We can go back even further to Popes Leo XIII and Pius XI, whose encyclicals on marriage were making similar warnings. We cannot recommended Pius XI's Casti Conubii enough as a manifesto for the Catholic couple.
What deserves to be said is that the primary end of matrimony — the begetting and education of children — is a big part of "where the rubber meets the road" in this matter of rebuilding Christendom. We sometimes hear it said by enthusiastic non-contracepting parents that it is their goal to "out-populate the enemy." There is something to be said for this, but Catholic parents can produce all the children they want and will fail in out-populating the enemy if they fail in their job of "education." In fact, it's worse than that; they very well may end up handing over their children to the enemy.
"Education" as it is used here is not simply reading, writing, and 'rithmitic. The education spoken of as the primary end of matrimony includes everything it takes to raise a child: food, clothing, shelter, religious instruction, other forms of instruction, discipline in behavior, good mental and physical habits — everything.
The enemies of Christian order have long been fighting against family stability. We need hardly mention the obvious fruits of their labors: abortion and contraception. To be complete, the list would have to be extended to divorce, feminism — including having mothers work outside the home, a tax structure that encourages couples to contracept, schools which encourage promiscuous behavior, and an economy which has transformed the father from a provider for his family into a means of production to enrich financiers.
To get a true, supernatural picture of home and family life, we should consider the words of Pope Pius XI:
"Christian parents should understand, moreover, that their duty is not only to propagate and maintain the human race on earth; it is not even merely to rear worshipers of the true God. They are called to give children to the Church, to beget fellow-citizens of the Saints and members of the household of God, in order that the worshipers of our God and Savior may increase from day to day. ... for it is their function to offer their children to the church so that she, the fruitful Mother of the sons of God, may beget them anew to supernatural righteousness in the waters of baptism, make them living members of Christ, sharers of immortal life, and heirs, finally, of that eternal glory to which we all fervently aspire."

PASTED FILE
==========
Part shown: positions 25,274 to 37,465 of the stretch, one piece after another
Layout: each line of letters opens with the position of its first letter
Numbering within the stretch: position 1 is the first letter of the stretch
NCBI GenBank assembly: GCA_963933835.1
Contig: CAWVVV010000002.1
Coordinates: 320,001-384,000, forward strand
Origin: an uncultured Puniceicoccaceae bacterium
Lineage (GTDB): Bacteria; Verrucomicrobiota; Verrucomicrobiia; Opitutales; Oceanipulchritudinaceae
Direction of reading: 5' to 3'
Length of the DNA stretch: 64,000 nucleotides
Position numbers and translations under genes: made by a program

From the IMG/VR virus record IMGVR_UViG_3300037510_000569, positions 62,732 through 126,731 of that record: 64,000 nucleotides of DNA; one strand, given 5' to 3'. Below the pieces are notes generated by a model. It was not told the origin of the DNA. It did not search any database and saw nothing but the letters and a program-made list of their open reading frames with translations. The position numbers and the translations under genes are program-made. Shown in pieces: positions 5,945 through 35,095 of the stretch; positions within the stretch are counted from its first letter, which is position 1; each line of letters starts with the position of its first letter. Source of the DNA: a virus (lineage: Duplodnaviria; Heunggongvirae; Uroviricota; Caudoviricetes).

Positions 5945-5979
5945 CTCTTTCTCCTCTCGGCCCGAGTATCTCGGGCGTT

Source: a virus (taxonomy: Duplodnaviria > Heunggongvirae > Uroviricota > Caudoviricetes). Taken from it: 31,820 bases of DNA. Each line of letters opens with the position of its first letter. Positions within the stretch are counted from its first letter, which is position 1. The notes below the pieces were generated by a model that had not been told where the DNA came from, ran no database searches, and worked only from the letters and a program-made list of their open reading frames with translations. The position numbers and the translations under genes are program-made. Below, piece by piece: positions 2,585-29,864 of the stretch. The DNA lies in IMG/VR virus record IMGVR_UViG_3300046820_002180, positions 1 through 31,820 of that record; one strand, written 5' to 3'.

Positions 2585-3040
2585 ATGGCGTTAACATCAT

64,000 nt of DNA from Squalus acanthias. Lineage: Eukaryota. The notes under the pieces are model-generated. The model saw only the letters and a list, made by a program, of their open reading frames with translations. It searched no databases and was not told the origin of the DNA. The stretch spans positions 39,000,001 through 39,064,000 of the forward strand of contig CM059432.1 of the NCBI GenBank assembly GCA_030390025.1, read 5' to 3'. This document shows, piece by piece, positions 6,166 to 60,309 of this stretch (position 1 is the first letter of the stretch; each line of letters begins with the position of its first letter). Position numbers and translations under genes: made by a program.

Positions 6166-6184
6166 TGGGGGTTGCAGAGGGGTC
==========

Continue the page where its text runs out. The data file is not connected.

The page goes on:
Sixth Plank. "As Catholics who have no authority or influence in the Church and as citizens with no authority or influence in temporal society, solving the dilemma pointed out in proposition four is something we are powerless to do on a large scale by any direct activity of our own. We can pray and work for a positive change, but the actual achievement will be the work of God through the visible authority of the magisterium."
To engage in a lot of "tough talk" about how we are going to change things would be ridiculous. We must realize our smallness and be humble about it. We can work and pray for positive changes; we can try to effect one conversion at a time; slowly, we can try to influence others to embrace all of Catholic Tradition and an integral adherence to Church teaching, but we are powerless to work on a grand scale because we have no authority. Saint Maximilian Maria Kolbe undertook bold ventures, but with a certain realism. He spoke to his Franciscan brethren about the vision he had for using the media in terms of their smallness:
"We, too must make use of the press and other means of communication — let us be clear, even in the best of circumstances this will always be little in contrast with what the atheistic and anti-religious wold press disposes — and place these in the service of the Immaculate to combat error and impiety, for the glory of God, so that every man might know he has been redeemed by Jesus Christ and called to immortal glory. Our human frailty, limited resources or any other worldly difficulty must not restrain us; let us confide in the Immaculate, let us place ourselves truly in Her hands and She will continue to win the battles of God, as at Lepanto, as at Vienna. We must place Our Lady in every soul so that from every soul sin be expelled and Jesus introduced. Who finds the Immaculate, finds Jesus."
Mindful that things have gone down hill since he uttered those words, we should still imitate his realism and also his confidence in Our Lady's intercession. The reason we should be completely cognizant of our smallness is not so that we can become discouraged, but so that we will know how the victory will come about. No matter how much we fight, the ultimate victory will be that of the Blessed Trinity working through our Lady and the Church.
It is the magisterium, principally the Holy Father, who must effect the changes. This is what we pray for; this is what we are trying to prepare people for by upholding and defending his authority. To remain confident that this will happen requires a supernatural outlook enlightened by Faith and animated by the gifts of knowledge and understanding.